Even if he’s shot 6 times, it will still be his decision that will cause him to end his attack in 95% of circumstances. That’s because physically-disabling hits (pelvis-shatter, spine hits, brain hits) are extraordinarily rare in a 1.6 second-long, blurry, disorienting self-defense situation. These hits are almost always ‘luck’ when they happen, as a result of firing many shots into center mass or at the head as quickly as the shooter can. Roughly 5% of the time a fight is ended, it is because the attacker literally “fought to his death”. In all other cases, even when the attacker collapses and dies shortly after being hit – we find that the attacker disengaged and turned away, ran away, ran out the door, or even escaped before succumbing to his wounds.


And therefore perhaps one of the next “big ideas” that I’m going to introduce you to, in a later Broadcast, is the reality that the more of these biological action responses we can combine into an explosive reaction, the better – precisely because of their effect on an attacker’s psychological will to continue his attack, and the reality that the earlier ‘explosive reaction’ is applied, the greater the exponential impact that action has on the attacker’s psychological will.


And so again: BIOLOGICAL ACTION RESPONSES ARE ALMOST ALWAYS HELPFUL, but some are far, far more helpful than others.


Okay… now, let’s bring all three of these lessons together for what could be the most practical and important piece of advice, or instruction, or wisdom that I have for you here as we close the first half of 2016. This piece of wisdom relates to the draw-stroke. And this is big, but it’s going to require me to share a story with you about a time when I nearly drew my handgun on a young man; in fact, my weapon (a GLOCK 19 at that time) was drawn from my pants, but the trigger-guard holster was never popped off. But before I get into that story, here are the conclusions:


1. If we do not condition ourselves to ACTION as our default response to a human threat, which can be done either at a gun range or with simple mental exercises, we run the risk of freezing when we encounter a human threat, and the freeze can last for 3, 5, 10, 20, or 60 seconds or more.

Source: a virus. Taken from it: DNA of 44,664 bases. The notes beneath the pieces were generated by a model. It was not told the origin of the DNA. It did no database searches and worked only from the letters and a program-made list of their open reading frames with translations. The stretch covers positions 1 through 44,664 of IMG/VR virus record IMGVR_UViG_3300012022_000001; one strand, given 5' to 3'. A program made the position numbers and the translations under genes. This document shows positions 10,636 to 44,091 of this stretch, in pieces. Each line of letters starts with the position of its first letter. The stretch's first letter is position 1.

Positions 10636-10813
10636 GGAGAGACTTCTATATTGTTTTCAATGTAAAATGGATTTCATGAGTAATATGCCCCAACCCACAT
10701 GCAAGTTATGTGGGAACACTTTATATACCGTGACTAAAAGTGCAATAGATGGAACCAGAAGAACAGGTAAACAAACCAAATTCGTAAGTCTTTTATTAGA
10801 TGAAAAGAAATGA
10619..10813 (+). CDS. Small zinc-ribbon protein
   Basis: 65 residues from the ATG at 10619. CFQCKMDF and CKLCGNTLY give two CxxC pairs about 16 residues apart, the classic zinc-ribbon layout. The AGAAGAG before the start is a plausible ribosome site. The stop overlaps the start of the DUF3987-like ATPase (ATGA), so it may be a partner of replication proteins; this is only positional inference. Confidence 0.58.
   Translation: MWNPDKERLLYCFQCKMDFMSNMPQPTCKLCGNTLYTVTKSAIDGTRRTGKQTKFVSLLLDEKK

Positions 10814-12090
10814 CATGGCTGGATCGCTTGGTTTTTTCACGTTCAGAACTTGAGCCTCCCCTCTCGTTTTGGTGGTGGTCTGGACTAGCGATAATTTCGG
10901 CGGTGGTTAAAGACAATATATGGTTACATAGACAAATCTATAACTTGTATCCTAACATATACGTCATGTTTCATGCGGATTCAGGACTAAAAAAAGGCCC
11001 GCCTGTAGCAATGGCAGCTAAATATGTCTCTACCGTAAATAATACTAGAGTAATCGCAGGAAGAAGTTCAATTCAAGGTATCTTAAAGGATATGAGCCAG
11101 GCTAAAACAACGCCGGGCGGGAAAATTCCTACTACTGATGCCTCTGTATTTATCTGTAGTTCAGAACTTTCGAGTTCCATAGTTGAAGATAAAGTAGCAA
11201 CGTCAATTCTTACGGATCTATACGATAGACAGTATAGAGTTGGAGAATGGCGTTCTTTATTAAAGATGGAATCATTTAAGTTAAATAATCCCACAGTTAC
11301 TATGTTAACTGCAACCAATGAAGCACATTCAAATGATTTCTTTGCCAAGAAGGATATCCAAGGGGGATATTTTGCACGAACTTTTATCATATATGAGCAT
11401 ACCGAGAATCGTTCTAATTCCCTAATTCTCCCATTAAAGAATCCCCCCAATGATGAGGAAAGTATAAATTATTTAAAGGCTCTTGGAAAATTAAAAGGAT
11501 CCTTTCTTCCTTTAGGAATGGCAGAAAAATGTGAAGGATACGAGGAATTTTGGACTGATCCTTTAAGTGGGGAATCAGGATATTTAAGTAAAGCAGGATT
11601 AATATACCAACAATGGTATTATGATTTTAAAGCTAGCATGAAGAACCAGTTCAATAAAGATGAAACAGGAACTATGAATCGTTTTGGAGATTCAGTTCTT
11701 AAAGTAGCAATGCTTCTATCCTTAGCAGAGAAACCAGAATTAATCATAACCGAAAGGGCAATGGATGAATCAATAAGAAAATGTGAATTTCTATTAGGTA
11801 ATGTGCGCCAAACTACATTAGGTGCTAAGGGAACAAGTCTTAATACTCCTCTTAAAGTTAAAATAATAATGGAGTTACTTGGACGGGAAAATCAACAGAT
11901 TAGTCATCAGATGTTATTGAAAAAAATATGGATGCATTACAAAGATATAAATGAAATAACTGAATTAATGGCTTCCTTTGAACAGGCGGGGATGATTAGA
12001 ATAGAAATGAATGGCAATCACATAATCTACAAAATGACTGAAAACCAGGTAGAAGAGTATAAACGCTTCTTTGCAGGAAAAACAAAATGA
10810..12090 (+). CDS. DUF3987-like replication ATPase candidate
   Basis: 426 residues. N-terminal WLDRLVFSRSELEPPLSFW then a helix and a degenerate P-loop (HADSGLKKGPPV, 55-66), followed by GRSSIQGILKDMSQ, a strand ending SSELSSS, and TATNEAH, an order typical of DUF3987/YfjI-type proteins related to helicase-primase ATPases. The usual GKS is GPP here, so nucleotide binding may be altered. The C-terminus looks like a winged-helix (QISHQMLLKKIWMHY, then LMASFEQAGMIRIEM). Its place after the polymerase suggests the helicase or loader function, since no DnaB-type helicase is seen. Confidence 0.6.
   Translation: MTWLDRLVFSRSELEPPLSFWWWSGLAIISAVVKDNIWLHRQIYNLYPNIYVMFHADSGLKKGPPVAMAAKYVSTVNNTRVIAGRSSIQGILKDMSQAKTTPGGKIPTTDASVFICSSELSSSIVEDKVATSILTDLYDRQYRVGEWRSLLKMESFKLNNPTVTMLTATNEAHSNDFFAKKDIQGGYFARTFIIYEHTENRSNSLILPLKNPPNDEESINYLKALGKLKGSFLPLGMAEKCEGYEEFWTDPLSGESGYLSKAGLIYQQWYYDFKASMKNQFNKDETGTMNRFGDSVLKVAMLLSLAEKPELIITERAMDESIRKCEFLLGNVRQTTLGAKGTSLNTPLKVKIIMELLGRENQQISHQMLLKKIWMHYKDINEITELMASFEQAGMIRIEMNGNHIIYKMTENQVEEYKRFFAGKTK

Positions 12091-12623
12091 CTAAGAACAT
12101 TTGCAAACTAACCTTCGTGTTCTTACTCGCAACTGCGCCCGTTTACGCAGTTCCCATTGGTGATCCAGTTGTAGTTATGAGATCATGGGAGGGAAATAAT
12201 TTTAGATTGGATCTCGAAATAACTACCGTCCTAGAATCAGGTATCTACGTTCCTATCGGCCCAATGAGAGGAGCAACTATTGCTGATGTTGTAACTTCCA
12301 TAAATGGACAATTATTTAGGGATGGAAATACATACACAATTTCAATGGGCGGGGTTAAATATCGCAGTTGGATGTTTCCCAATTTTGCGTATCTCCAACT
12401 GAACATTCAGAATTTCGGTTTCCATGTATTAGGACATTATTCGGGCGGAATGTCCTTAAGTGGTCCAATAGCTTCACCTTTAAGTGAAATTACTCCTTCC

2. Even if we manage to condition ourselves so that ACTION is our default in a dangerous situation, we will still not be able to perform our draw stroke for the 1, 2 or 3 seconds that the ACTION response (fight or flight and/or scream) plays out – that is, UNLESS we ingrain our draw-stroke into our muscle memory.


As a quick example to demonstrate what this second point looks like when a good guy has to “wait” for his biological response to run its course before he can let his training kick in, I’d share a very short story of a particular police dashcam video that I feature on our Master Accuracy information page. In this situation, a police officer is about to ask a pulled over motorist for his driver’s license when the motorist draws a handgun and points it at the officer. Just as with a snake suddenly popping into view, the police officer’s biological response kicked in, his REACTION. What does he do? He uses the flashlight he was holding to reflexively swing at the handgun, and in the same instance his lungs fully deflate with another ACTION response, the scream. He shouts, “GEEZE!” Just BEFORE his flashlight hits the pistol, the motorist presses the trigger. Thank God, the motorist’s handgun failed to fire. The primer of the cartridge in the chamber didn’t detonate! Well, all in one motion, the officer’s flashlight swing is followed up by him uselessly rolling away from the motorist, but still well within his visible line of sight.


It is a biological reflex. We are more vulnerable to the snake at the front of our body: our face, our belly, our genitals are all on the front. Our backs are hard; our shields. So, the officer rolls and turns away. Then you can literally see him, about 2 steps into the roll and maybe 1.5 seconds following the motorist’s pulling of the gun, you can see this officer’s REACTION wear off, and he is beginning to be left in a fully conscious state. It’s as if he’s awakening from a terrible dream – a dream that he’s not entirely sure even happened, now that he’s facing directly away from the motorist’s vehicle. But he’s reminded that it DID happen shortly after, when the motorist finishes clearing his weapon, chambering a new round, and fires his first shot at the officer. By that point, the officer’s faculties have returned, and while I’m sure he could barely remember the names of his kids if you could somehow ask him, his TRAINING – or his ACTION – then kicks in. He rushes to the rear of the motorist’s vehicle while drawing, comes to a full shooting stance, and fires his entire magazine through the rear window while the motorist begins speeding away. The motorist is fatally shot, and his vehicle crashes.